New Urbanism and Diversity the Buzz Words from the 6/5 Meeting

The agenda for the evening was very lengthy and the City Council Meeting ran out the clock at 11:30pm – without a City Manager Evaluation, City Manager Report and final discussion.

June 5, 2014

Different from typical meetings was the very heavy PBG Police presence.  Bags were checked on entry to the building and several uniformed officers were visible throughout the chambers.   Based on the various Agenda items, one can reasonably  surmise that the item with the most public comment, Resolution 30, 2014,  related to the site plan application for the Alton Development (F.K.A. Scripps Florida Phase II/Briger PCD) was the culprit.

Resolution 30, 2014:  This item took the bulk of the evening   Speaking for the applicant, Kolter Acquisitions LLC, was Don Hearing.   He went into very great detail about the site plan, describing how this is a new kind of development for Palm Beach Gardens, representing New Urbanism, discussed diversity in this 360-dwelling non-gated community comprised of town-homes and single-family residences.  (Note:  a quick web search of the terms New Urbanism and diversity will yield many interesting definitions)  Notably different from most developments in our city was the high density of  homes, with all backyards hidden, limited green space, and a lake accessible to all, but fronted by very few of the homes.   Mr. Hearing’s presentation, along with responses by the  Zoning and Planning department spokesman, comments by 13 members of the public and a very long back and forth between the council and Mr. Hearing after the public hearing was declared closed, took almost 2 1/2  hours!  All but one or two of the speakers were from outside the City and had apparently been protesting the development of the Briger Forest for a long time.  They sought no more development in northeast Palm Beach County, lamented the destruction of habitat, animals, and archaeological sites, and claimed the the project violates the law.  Those speaking were polite and were treated with respect – although most did not expect any satisfaction from the Council.  Gardens’ resident Ruth Peeples spoke stating that the development as shown had nothing in the way of preserves, with land being cleared to be replaced with other plantings.  She also objected to a setback waiver which staff had also raised as an issue with the developer.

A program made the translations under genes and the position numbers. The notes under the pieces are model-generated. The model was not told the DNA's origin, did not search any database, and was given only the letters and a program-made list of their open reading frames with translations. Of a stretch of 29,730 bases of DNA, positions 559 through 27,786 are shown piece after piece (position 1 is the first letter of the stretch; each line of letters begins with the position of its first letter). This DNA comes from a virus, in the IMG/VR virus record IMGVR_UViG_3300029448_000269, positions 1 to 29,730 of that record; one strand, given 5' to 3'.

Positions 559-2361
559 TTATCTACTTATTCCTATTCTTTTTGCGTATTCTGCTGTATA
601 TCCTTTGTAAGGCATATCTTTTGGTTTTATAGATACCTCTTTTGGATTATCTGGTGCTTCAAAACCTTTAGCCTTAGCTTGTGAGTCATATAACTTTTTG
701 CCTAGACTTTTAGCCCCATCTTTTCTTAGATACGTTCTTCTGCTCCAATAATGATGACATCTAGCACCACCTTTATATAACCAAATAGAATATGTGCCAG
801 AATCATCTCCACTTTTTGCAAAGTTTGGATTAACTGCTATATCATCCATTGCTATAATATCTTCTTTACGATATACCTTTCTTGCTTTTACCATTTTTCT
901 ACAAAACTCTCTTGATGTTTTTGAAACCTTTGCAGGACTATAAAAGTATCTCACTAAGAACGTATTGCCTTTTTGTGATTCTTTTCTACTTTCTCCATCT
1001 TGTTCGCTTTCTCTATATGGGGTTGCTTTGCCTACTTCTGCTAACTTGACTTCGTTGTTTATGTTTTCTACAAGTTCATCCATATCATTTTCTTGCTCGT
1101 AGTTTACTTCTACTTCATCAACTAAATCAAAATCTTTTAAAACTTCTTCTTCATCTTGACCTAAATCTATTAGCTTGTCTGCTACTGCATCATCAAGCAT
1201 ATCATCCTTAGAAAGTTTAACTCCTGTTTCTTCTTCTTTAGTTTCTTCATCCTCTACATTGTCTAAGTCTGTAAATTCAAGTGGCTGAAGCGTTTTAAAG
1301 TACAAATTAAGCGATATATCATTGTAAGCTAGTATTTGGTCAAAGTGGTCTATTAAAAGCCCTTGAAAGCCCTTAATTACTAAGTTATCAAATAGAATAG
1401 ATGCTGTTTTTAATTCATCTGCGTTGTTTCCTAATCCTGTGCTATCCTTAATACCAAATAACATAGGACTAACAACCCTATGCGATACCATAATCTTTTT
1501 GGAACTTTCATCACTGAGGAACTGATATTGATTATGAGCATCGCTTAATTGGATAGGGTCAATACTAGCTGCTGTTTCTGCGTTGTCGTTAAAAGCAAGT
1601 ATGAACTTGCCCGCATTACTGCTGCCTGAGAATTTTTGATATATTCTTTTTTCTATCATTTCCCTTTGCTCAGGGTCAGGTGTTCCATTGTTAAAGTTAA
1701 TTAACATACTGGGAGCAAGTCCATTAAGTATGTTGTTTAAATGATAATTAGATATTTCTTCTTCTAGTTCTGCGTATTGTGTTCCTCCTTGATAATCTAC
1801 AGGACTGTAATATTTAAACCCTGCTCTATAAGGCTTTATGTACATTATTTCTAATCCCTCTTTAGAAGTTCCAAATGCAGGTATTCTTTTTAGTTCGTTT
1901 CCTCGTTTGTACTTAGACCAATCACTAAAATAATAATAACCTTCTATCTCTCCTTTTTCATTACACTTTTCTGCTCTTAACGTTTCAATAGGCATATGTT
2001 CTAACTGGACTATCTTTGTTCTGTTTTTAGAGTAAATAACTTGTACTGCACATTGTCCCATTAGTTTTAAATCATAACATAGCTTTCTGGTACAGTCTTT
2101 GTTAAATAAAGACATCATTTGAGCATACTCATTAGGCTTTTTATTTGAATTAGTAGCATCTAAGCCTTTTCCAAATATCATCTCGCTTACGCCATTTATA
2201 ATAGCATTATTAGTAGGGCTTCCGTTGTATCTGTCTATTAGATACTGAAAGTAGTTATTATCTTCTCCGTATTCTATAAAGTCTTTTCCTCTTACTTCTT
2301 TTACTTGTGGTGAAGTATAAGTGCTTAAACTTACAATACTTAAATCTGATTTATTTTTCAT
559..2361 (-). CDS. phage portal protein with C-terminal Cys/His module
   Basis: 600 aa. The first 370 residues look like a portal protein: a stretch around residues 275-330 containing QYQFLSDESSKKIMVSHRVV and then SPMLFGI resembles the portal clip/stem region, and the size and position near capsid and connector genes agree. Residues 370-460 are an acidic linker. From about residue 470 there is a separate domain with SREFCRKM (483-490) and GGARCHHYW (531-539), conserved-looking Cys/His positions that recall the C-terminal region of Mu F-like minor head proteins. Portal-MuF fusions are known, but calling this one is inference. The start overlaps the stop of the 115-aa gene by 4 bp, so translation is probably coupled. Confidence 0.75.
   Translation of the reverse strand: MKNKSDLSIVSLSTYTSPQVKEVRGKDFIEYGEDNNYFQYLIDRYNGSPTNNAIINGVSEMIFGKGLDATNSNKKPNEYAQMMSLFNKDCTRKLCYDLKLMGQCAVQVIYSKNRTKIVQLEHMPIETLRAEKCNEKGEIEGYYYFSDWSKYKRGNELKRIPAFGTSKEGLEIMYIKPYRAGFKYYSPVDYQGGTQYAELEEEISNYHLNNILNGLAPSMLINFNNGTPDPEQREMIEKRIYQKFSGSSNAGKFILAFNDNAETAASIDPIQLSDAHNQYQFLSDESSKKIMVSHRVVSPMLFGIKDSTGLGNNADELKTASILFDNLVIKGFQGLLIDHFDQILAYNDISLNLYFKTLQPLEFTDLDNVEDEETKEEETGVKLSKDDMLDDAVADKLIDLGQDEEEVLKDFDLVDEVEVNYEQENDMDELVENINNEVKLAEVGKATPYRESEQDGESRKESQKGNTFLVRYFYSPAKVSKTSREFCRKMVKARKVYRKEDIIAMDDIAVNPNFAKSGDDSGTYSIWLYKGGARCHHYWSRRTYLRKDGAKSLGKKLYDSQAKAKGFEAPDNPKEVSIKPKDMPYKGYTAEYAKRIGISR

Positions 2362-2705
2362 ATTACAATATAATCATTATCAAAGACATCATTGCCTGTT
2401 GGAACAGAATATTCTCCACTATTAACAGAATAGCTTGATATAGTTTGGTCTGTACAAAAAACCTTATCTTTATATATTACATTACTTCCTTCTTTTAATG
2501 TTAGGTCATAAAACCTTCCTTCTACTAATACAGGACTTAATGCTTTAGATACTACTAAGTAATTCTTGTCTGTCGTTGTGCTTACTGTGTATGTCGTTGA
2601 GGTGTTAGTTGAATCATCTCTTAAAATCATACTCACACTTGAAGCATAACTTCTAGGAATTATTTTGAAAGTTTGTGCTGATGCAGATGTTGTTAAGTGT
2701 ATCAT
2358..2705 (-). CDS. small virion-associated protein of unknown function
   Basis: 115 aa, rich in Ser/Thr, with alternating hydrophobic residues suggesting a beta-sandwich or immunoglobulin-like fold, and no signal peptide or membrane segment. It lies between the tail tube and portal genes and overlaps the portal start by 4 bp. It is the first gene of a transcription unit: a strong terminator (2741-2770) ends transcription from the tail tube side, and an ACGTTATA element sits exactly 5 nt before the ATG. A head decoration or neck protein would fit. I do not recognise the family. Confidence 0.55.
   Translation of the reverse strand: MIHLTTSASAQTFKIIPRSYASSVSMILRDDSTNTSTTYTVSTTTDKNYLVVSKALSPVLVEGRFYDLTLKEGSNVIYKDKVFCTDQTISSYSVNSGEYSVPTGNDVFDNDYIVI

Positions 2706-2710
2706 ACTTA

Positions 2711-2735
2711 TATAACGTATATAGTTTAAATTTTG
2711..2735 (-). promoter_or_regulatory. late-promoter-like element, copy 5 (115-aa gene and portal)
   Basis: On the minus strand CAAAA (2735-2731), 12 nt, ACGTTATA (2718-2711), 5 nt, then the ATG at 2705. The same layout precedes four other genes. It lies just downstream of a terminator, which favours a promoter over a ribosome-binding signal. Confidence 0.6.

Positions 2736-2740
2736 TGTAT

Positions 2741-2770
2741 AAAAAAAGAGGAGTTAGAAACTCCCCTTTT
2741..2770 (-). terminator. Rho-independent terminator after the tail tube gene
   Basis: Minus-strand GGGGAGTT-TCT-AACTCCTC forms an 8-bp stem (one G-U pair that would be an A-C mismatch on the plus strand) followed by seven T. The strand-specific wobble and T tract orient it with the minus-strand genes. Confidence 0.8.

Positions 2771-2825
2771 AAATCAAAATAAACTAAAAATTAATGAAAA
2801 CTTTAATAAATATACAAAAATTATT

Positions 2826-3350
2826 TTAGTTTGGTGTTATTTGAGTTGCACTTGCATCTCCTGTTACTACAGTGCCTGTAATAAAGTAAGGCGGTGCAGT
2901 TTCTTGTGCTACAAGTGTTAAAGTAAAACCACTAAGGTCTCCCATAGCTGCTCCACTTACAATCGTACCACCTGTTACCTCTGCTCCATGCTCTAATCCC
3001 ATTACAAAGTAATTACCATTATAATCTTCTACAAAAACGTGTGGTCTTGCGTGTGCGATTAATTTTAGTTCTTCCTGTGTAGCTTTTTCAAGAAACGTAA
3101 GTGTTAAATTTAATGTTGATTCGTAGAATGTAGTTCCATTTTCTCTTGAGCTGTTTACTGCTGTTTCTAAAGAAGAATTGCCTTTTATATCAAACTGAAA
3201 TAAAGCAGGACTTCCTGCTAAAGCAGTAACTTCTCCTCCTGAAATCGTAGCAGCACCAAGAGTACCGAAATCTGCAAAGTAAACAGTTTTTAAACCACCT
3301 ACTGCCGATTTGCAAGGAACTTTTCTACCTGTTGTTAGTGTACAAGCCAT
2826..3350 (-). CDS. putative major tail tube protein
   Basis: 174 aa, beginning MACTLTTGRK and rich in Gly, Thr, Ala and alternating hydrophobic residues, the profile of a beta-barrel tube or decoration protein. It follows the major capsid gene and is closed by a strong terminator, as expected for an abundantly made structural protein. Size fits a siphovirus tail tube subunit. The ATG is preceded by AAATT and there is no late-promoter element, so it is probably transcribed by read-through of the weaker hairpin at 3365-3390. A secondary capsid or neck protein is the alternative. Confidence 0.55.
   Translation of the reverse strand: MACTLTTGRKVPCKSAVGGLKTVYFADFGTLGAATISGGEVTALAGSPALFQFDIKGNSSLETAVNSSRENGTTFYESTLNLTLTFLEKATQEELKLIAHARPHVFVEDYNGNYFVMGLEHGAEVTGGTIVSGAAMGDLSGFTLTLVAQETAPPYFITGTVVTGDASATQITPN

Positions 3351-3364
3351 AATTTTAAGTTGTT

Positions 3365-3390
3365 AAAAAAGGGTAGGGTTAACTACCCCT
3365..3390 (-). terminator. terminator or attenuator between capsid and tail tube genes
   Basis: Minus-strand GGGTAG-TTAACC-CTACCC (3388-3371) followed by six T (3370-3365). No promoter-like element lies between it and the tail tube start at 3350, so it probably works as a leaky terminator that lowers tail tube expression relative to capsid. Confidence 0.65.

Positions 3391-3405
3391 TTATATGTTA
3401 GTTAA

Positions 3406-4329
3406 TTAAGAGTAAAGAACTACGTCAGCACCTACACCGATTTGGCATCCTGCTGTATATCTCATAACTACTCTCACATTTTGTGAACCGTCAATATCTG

After the hearing was ‘closed’,  the Council spoke at length about their issues and ideas for more green space, more amenities, concerns about recreational areas being placed far from the residences and across a 4-lane road, and concerns about the setback waiver for a specific 5-unit building, and additional issues.  There was significant back and forth between the very assertive applicant spokespeople who would brook no delay, staff and the Council. Finally, the motion was to approve the resolution with an additional approval of Waiver 6 (which allowed for the setback exception) and a commitment by the applicant to work with staff to add greenspace and amenities.  The vote was 5:0.